Veterans Memorial tops its goal

Published 12:00 am Monday, June 18, 2001

When you drive along Route 52 near the Coal Grove exit, look up at the new flagpole on the overlook in Woodland Cemetery.

Monday, June 18, 2001

When you drive along Route 52 near the Coal Grove exit, look up at the new flagpole on the overlook in Woodland Cemetery. The American flag you see flying at half-staff is for the thousands of veterans from Lawrence County who served their country in wars dating back to the Revolutionary War.

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In the next several months, you will see workmen preparing the ground for the Veterans Memorial that will soon be visible from the highway. The black granite sculpture will provide a backdrop for the Patriots Walk made from bricks honoring our veterans. Citizens who wanted to be a part of the memorial project paid for the 1,175 bricks that are etched with the names of veterans.

And it is still not too late to order a brick. The cost is $25, and you can place your order at The Ironton Tribune office, 2903 S. 5th St., Ironton, or by contacting a member of the memorial committee.

On Veterans Day, Nov. 11, 2001, the memorial honoring our veterans will be dedicated. Prior to that day, the four restored Civil War Parrott rifle cannons will be placed in their new home at the memorial.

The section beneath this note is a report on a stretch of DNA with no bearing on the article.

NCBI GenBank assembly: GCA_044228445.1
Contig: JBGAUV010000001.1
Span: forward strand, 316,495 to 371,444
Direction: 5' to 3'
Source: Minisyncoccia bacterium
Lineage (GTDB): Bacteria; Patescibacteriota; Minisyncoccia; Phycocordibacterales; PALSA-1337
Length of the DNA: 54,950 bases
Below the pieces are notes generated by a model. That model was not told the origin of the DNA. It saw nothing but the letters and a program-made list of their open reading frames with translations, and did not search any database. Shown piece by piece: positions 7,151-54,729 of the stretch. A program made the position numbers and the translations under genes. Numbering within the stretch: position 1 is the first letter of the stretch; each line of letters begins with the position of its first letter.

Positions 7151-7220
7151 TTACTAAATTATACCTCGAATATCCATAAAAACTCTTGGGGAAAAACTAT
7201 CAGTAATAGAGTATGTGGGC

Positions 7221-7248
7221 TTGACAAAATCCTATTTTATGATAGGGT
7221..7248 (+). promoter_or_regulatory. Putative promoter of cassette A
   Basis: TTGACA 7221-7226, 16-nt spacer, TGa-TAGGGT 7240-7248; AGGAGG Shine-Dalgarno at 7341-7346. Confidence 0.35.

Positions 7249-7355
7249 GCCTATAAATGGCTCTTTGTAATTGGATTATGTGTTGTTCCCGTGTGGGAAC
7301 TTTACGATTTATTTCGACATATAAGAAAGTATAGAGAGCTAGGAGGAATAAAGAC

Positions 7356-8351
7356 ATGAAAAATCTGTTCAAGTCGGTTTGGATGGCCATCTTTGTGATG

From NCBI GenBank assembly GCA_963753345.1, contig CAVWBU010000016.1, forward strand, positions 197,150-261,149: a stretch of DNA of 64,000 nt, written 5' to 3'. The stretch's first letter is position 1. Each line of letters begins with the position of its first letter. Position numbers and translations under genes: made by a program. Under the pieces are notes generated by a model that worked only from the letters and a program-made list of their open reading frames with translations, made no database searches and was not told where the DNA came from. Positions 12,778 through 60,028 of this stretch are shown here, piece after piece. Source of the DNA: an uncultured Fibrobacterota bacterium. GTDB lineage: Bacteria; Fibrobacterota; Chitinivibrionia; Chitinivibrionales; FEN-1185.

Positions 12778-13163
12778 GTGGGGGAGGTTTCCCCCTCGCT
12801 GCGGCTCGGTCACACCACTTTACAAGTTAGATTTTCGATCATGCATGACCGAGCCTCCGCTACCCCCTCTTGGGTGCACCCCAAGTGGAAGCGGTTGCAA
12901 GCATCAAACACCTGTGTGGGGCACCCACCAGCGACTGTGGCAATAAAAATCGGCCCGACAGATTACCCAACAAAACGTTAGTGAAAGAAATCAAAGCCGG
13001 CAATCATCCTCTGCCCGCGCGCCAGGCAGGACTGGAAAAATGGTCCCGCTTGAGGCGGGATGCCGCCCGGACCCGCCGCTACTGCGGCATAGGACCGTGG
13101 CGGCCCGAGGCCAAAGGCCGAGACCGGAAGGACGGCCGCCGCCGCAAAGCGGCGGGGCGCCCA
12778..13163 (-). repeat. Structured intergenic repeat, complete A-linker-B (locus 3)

Last Thursday, Flag Day, community leaders and interested citizens joined members of the Veterans Memorial Committee in the first flag-raising ceremony at the site of the memorial.

As those of us attending looked on, an honor guard from the local Veterans of Foreign Wars post slowly raised the flag to the top of the mast as Marty Smith played taps on a bugle. The flag was provided by Betty Donovan in honor of her husband.

At the end of the ceremony, the flag was lowered to half-staff in honor of our deceased veterans.

As solemn as the ceremony was, the day was still one for celebration. Veterans Memorial Committee chair Frank McCown announced that the committee had reached its fund-raising goal of $100,000. The exact amount raised is $100,182.73, Judge McCown said.

Not only is there enough money to build the memorial and restore the Parrott cannons, there will be money to maintain the memorial and cannons in the future.

And the committee will continuing to raise funds for maintenance. This Thursday, June 21, from 11 a.m. to 1:30 p.m. at First Baptist Church, Fifth and Vernon streets, Ironton, the committee is sponsoring a spaghetti luncheon to raise more funds for the memorial. The suggested donation is $5, and tickets will be available at the door. A special thank you goes to Tipton’s Market for providing the food for the lunch.

Judge McCown pointed out during his remarks that some local citizens doubted that the committee could raise the $100,000 necessary for the project.

Obviously, those who doubted the money could be raised were wrong.

The support for this project – and others over the years – shows that Lawrence County residents will support worthwhile projects.

As the work on the Veterans Memorial comes to a close, we need to turn our attention to Memorial Hall in Ironton. That classic building, the former City Hall, is worth saving from decay and a wrecking ball. But one question remains: Who is going to step forward and lead the effort to restore the building?